Transition surgery improves the quality of life for trans women, study finds

Louis Staples
Friday 16 March 2018 17:15
news

Scientists from the European Association of Urology have published groundbreaking new research indicating that gender surgery significantly improves quality of life for the majority of trans patients.

The study – which is the first of its kind – found that 80 per cent of male-to-female patients perceived themselves as women post-surgery.

Led by DrJochen Hess, of the university hospital in Essen, Germany, the study followed 156 patients for a median of more than six years after surgery. The team developed and validated the new Essen Transgender Quality of Life Inventory, which is the first methodology to specifically consider transgender quality of life.

They found that there was a high overall level of satisfaction with the outcomes of surgery. After comparing patients’ quality of life during the last four weeks before surgery with their quality of life while publicly identifying as trans, there was a highly significant increase. This indicates a large improvement in quality of life over the course of the transitioning process.

Dr Hess said:

Around three-quarters of patients showed a better quality of life after surgery. 80% perceived themselves to be women, and another 16% felt that they were 'rather female'. Three women in four were able to have orgasms after reassignment surgery.

It's very important that we have good data on Quality of Life in transgender people. They generally suffer from a worse QoL than non-transgender population, with higher rates of stress and mental illness, so it's good that surgery can change this, but also that we can now show that it has a positive effect.

Until now we have been using general methods to understand quality of life in transgender individuals, but this new method means that we can address well-being in greater depth

Recent data estimates that 1.4 million adults in the USA identify as transgender, which is about 0.6% of the population. Comparable European figures are not yet available, but there is wide variation between reported prevalence in individual European countries.

The team notes that there are limitations to the study. There was a high drop-out rate, and the results are from a single centre – yet they clearly indicate that surgery can improve the lives of trans women.

Professor Jens Sønksen, of the University of Copenhagen, said:

This study suffered from a high drop-out rate, which needs to be considered alongside the main data.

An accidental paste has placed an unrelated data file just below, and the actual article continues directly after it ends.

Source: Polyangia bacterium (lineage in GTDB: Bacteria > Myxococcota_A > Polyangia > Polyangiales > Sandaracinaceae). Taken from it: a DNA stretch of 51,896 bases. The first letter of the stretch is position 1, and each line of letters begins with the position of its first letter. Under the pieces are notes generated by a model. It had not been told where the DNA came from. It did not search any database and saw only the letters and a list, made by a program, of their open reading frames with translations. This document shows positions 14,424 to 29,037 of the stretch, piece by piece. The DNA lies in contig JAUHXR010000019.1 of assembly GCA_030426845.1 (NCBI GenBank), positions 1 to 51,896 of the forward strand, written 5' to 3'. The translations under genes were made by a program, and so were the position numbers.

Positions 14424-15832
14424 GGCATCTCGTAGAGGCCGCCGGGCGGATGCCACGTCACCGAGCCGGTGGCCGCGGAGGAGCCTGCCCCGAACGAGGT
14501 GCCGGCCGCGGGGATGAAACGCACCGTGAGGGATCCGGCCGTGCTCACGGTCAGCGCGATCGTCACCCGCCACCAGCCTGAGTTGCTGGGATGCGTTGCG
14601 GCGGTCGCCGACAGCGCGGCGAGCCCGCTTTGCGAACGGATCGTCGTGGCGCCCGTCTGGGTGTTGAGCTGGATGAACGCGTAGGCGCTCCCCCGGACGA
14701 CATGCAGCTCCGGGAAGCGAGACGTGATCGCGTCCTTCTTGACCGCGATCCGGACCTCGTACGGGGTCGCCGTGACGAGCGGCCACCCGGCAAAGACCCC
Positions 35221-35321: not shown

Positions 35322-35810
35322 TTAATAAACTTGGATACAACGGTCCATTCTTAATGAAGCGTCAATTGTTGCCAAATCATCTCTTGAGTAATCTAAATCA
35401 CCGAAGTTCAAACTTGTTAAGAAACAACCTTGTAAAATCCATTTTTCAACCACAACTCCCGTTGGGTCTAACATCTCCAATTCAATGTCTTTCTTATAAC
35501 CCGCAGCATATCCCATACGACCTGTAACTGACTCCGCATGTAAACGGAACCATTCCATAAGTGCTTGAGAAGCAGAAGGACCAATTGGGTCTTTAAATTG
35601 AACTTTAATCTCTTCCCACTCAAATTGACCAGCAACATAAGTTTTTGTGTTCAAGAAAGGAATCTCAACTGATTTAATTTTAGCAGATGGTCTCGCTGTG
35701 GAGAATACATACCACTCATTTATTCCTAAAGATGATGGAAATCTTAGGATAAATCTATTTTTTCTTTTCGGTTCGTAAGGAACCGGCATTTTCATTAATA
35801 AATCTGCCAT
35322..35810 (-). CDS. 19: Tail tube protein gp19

Nevertheless, this is a large important study, one of the largest clinical transsexual surveys ever attempted, and the fact that has been performed using a specific validated questionnaire is significant.

This is probably the best view of quality of life in after sex-reassignment that we have

Reacting to the results of the study, journalist and broadcaster Paris Lees told indy100 that she wasn't surprised by the results and said it vindicated what the trans community had been saying for years.

The renewed public interest in trans issues has spawned a lot of negativity, but it’s also brought fascinating research. Time and time again, research is validating what the trans community have been saying for years: that we should support trans people for who they say they are. 

As someone who has undergone medical transition, this study isn’t surprising.

Gender reassignment is one of the most successful operations in terms of patient satisfaction on the NHS. Many people have had it and are getting on with their lives private.

Ultimately this is a private medical issue for people to work out with their doctors. Although we shouldn’t have to justify ourselves, this study is further vindication of what we’ve been saying for years.

Lees stresses that, when it comes to trans issues, we should rely on evidence instead of our preconceptions what trans people are.

When we discuss transgender issues, it’s really important that we focus on the evidence. It’s out there. We will win the struggle to be accepted and for healthcare because there’s no evidence that supporting trans people to live healthy and happy lives causes problems.

Juno Roche, activist, campaigner and author of the forthcoming book Queer Sex: A Trans and Non-Binary Guide to Intimacy, Pleasure and Relationships, told indy100:

It doesn’t surprise me in the slightest that enabling trans folk to have the procedures that allow them to feel more comfortable within their bodies means that those people are happier than if they continued to live with a measure of dysphoria.

Not every trans person wants surgery, and there are many trans people living very happy lives with the bodies and genitals they were born with.

I’m not sure that my vagina made me feel ‘more of a woman’ – I always felt that – but surgery allowed me to modify my body to fit my idea of my existing self.

Although this research indicates an improvement in the quality of life of trans women post-surgery, the quality of life of trans people is still significantly lower than the general population.

More: We asked 14 trans activists how cis people can be better allies in 2018

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